disasters have often seriously damaged or even almost destroyed
the cultural heritage of countries and cities. One of the best-known
examples is the 1755 earthquake that devastated the royal palace
in Lisbon, which contained a huge collection of music from the
16th and 17th century. Other cities had their fair share of disasters
as well. One of them is the Croatian city of Dubrovnik. It experienced
a ‘golden age’ during the 17th century, but the earthquake of
1667 and the fire which followed not only killed about half of
the population but also destroyed many of its monuments. After
that Dubrovnik was rebuilt and expanded until the middle of the
18th century. The Sorkočević family - whose property
didn’t suffer any damage in the earthquake - played an important
role in the city. Several members of the family were members of
the Dubrovnik senate.
Sorkočević received an extensive education. His music
teacher was the Italian composer Giuseppe Valentini, who was maestro
di cappella in Dubrovnik Cathedral in the 1750s. Later on Sorkočević
fulfilled several posts in various branches of politics and society.
During his relatively short stay in Vienna as ambassador to the
imperial court he met several of the leading composers of his
time, like Gluck and Haydn, and the famous poet Metastasio.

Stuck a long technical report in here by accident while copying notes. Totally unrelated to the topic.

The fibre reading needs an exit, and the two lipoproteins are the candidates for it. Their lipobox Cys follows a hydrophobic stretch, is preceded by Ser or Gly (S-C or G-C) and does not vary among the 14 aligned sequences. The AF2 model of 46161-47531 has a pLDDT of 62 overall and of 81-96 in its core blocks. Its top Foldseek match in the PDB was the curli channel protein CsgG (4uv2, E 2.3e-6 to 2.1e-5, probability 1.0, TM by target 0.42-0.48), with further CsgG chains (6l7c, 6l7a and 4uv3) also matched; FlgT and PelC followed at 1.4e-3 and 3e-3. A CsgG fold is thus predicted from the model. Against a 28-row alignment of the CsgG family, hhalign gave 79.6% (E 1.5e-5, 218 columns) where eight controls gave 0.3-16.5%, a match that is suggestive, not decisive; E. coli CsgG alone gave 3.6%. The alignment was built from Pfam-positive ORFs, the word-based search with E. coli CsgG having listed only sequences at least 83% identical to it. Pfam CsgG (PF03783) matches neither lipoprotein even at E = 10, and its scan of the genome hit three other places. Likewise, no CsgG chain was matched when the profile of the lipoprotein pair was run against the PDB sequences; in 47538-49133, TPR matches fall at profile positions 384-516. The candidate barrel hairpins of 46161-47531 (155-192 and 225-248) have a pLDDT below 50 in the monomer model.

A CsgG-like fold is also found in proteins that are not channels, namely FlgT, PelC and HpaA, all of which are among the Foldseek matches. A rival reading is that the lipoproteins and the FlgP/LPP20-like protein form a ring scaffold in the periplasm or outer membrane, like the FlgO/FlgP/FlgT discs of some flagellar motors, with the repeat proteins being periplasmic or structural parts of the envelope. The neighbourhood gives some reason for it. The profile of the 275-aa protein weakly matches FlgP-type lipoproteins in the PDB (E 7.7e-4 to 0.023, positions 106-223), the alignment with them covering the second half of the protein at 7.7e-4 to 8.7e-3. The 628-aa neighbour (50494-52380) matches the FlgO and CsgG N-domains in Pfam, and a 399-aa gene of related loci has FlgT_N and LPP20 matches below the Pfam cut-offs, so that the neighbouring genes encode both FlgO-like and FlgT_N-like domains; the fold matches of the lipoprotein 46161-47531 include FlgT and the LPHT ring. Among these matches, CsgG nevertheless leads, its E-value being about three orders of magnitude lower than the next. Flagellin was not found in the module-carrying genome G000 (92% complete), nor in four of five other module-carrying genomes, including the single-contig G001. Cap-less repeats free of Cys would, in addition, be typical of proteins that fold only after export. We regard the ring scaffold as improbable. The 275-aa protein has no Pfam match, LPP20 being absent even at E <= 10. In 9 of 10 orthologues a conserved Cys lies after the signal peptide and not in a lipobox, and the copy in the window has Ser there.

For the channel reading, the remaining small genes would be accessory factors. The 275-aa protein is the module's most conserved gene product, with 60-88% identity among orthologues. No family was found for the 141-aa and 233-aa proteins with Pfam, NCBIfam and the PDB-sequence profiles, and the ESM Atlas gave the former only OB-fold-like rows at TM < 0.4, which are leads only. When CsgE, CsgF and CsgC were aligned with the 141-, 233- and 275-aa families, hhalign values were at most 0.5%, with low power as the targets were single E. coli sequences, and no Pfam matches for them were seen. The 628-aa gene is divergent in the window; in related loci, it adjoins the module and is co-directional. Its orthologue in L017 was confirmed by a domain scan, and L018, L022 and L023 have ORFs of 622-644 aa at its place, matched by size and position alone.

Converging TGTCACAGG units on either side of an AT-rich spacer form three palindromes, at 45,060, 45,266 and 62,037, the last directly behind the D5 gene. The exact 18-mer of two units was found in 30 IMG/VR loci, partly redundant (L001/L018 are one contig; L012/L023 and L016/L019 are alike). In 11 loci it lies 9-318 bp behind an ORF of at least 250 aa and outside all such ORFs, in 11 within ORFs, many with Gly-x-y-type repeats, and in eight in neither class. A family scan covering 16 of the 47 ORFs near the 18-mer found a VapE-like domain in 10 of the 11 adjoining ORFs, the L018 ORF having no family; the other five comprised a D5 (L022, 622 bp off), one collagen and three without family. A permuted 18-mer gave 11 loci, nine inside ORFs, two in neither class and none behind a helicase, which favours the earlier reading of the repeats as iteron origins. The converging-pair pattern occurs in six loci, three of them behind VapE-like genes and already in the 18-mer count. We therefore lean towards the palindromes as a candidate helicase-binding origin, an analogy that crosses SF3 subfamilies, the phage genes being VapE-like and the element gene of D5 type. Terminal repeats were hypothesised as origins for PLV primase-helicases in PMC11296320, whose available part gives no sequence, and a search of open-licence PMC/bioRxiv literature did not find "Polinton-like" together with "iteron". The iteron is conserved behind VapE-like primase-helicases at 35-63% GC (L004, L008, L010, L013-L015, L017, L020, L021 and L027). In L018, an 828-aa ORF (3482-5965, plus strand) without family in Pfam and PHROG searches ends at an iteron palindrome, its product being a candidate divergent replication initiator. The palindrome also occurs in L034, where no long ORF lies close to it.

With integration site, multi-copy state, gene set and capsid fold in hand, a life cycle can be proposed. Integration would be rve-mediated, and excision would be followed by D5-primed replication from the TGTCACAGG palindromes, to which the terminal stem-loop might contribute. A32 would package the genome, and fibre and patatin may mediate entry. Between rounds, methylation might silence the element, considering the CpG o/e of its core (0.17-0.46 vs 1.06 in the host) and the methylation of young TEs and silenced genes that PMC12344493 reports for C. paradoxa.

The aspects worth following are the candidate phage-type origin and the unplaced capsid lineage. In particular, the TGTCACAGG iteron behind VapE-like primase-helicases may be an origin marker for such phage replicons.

musical output isn’t very large and consists mainly of instrumental
works, which are collected on this CD. Only some pieces have been
left out which are extant in such a rudimentary form that they
could only have been reconstructed with major additions.
instrumental works belong to the transitional period between baroque
and classicism. They can neither be associated with the ‘empfindsamer
Stil’ – of which the fact that they are exclusively written in
major keys is an indication – nor with the modernism of the Mannheim
school. Nevertheless, Sorkočević’ music contains traces
of both styles.
‘largo’ of the Symphony nr 7 shows the kind of expression which
is associated with the ‘Empfindsamkeit’ and the first movement
of the Symphony no. 1 contains the crescendi for which the Mannheim
school was famous.
the whole these are nice, delightful works, which I have listened
to with great pleasure. They deliver more entertainment than deep
thoughts, but what is wrong with that?
performance of the orchestral works is very convincing and satisfying.
Only the slow movements, in particular the ‘largo’ from the Symphony
no. 7 which was mentioned before, could have been played with
a little more feeling. And the Sonata for violin and basso continuo
is far too bland and down-to-earth.
is every reason to be grateful to the performers and the record
company for their imagination in recording this music. And let
us not forget the musicologist Vjera Katilinić, who has prepared
the scores and has written the excellent programme notes in the